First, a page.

Shannon McFadden is the engine in the midfield

Fourth-year player heading into season as new co-captain

On soccer teams at any level, the defensive midfielder is one of the most important players on the field, acting as the link between the defence and offence. Soccer Training Guide writes, to be a good midfielder, “you will need to encourage your teammates and give them strength to work harder. You must also have enough power to force yourself to work hard.” On the Concordia Stingers women’s soccer team, that player is Shannon McFadden.

“She’s the engine and she turns the wheel,” head coach Greg Sutton said about McFadden. “With her energy, and her defensive responsibility that she takes very strongly, she does very well for our team in the midfield. She’s kind of the glue that binds everyone.”

McFadden, who is in her fourth year with the team, is able to help her team out on both sides of the field, and occasionally likes to join in on the attack.

“When [the other team] is pressuring us, I have to stay back in a more defensive role,” McFadden said. “If I don’t feel that myself, I know Greg and the coaches will tell me as well.”

McFadden was voted by her teammates as co-captain with Courtney Lundell-Streeter. Photo courtesy of Kyran Thicke/Concordia Stingers.

The defensive midfield position is so highly valued because players are constantly running, which is why Sutton called McFadden the engine of the midfield. When asked how important it is to be in good physical condition to play that position, McFadden laughed.

“It’s very important,” McFadden said. “Off-the-field training is just as important as on-the-field training as a midfielder. In the summer you have to be in the gym everyday.” Sutton added that she’s one of the fittest girls on the team.

This year, the players on the women’s soccer team voted McFadden as one of two co-captains for the season. Montreal native, Courtney Lundell-Streeter, is the other co-captain, while Claudia Asselin will be the assistant captain.

“Her experience, her dedication, her leadership and communication, that’s what you need in a captain,” Sutton said about McFadden. “[The players] chose wisely because I think those three came in with the right attitude. They’re committed to doing what we ask of them.”

As captain, McFadden wants to lead by example. “Rather than telling the girls on my team what the expectations are, we have to show them so they realize what’s expected of them,” she said.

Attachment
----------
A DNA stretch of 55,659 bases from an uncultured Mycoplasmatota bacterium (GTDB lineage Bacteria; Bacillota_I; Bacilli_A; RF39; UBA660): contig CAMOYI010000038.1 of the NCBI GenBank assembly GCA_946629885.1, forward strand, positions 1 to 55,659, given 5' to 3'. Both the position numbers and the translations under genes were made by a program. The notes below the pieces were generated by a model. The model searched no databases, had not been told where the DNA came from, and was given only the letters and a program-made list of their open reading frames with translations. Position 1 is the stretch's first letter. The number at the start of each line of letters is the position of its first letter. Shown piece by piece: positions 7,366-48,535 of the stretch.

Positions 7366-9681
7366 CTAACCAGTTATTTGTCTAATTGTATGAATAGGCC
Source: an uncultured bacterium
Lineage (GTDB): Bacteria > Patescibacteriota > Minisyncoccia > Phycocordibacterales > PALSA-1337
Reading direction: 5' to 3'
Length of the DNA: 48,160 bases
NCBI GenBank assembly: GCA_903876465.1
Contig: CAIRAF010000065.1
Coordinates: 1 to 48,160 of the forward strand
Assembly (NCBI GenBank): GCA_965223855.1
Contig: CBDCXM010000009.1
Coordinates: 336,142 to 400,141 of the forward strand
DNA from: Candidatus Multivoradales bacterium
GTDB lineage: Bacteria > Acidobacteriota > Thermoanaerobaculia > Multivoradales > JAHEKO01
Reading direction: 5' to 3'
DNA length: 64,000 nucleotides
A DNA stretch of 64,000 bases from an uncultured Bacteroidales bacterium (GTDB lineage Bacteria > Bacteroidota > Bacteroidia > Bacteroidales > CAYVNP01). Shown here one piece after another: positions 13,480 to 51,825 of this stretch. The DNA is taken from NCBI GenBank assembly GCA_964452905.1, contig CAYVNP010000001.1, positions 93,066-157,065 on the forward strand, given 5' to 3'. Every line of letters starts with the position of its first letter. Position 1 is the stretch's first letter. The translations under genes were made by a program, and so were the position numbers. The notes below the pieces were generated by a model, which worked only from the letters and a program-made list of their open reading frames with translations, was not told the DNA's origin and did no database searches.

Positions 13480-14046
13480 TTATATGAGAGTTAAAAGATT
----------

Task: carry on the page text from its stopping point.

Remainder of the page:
McFadden said she wants to always work hard at practice, show up on time and do whatever it takes to make sure her teammates know what to do.

McFadden faced some challenges during her time at Concordia before she was named captain. Native to Kensington, Prince-Edward-Island, a town of just over 1,600 people, she moved to Montreal in 2015 to study history.

“Being from a small town, I wanted to experience living in a big city for a bit, and I thought, ‘Why not have the opportunity to play soccer as well,’” McFadden said. “I have a sister that goes to McGill […] Coming here with only one sister was tough at first.” She moved away from home, having left behind her three other sisters, two half-sisters and four half-brothers (in case you weren’t counting, that’s 10 total).

“In my first year, the first couple of weeks were hard,” the fourth-year player added. “I thought about not coming back. I stuck with it, and I’m happy I did.”

The P.E.I. native also noticed a difference in the level of talent when she came to Quebec. According to Soccer Canada’s 2017 annual report, there are just over 55,000 youth female players in Quebec versus 2,200 in P.E.I. There are also 11,000 coaches in Quebec, compared to just 100 coaches in her home province, so there’s a better chance to develop talent here.

“The game is a lot faster and the girls are a lot bigger,” McFadden said. “That was a bit of a challenge as well.”

McFadden developed through P.E.I.’s youth ranks. She joined the provincial team at the U-13 level, and at 15 years old, played with 17 and 18-year-olds on the provincial team at the 2013 Canada Games. That year, P.E.I. did “better than we’ve ever done,” according to McFadden, finishing ninth out of the 13 provinces and territories.

During her time with the provincial team, McFadden said she was coached by someone who would turn out to be one of her biggest role models in soccer. Glen Miller coached her at the U-13 level, and she is still in contact with him today.

“The philosophy that he instilled in us at a young age is kind of what I still go by today,” she said. The philosophy Miller taught McFadden was to keep calm with the ball, don’t force any passes, and to work hard on and off the ball to help her teammates.

Even though McFadden is still 1,100 kilometres from her hometown of Kensington, P.E.I., she has no regrets about coming to Montreal.

“[Being a Stinger] is part of who I am and it will always be,” McFadden said. “I’m glad I’m here to be a part of something bigger in the school community.”

Main photo courtesy of the Concordia Stingers. 

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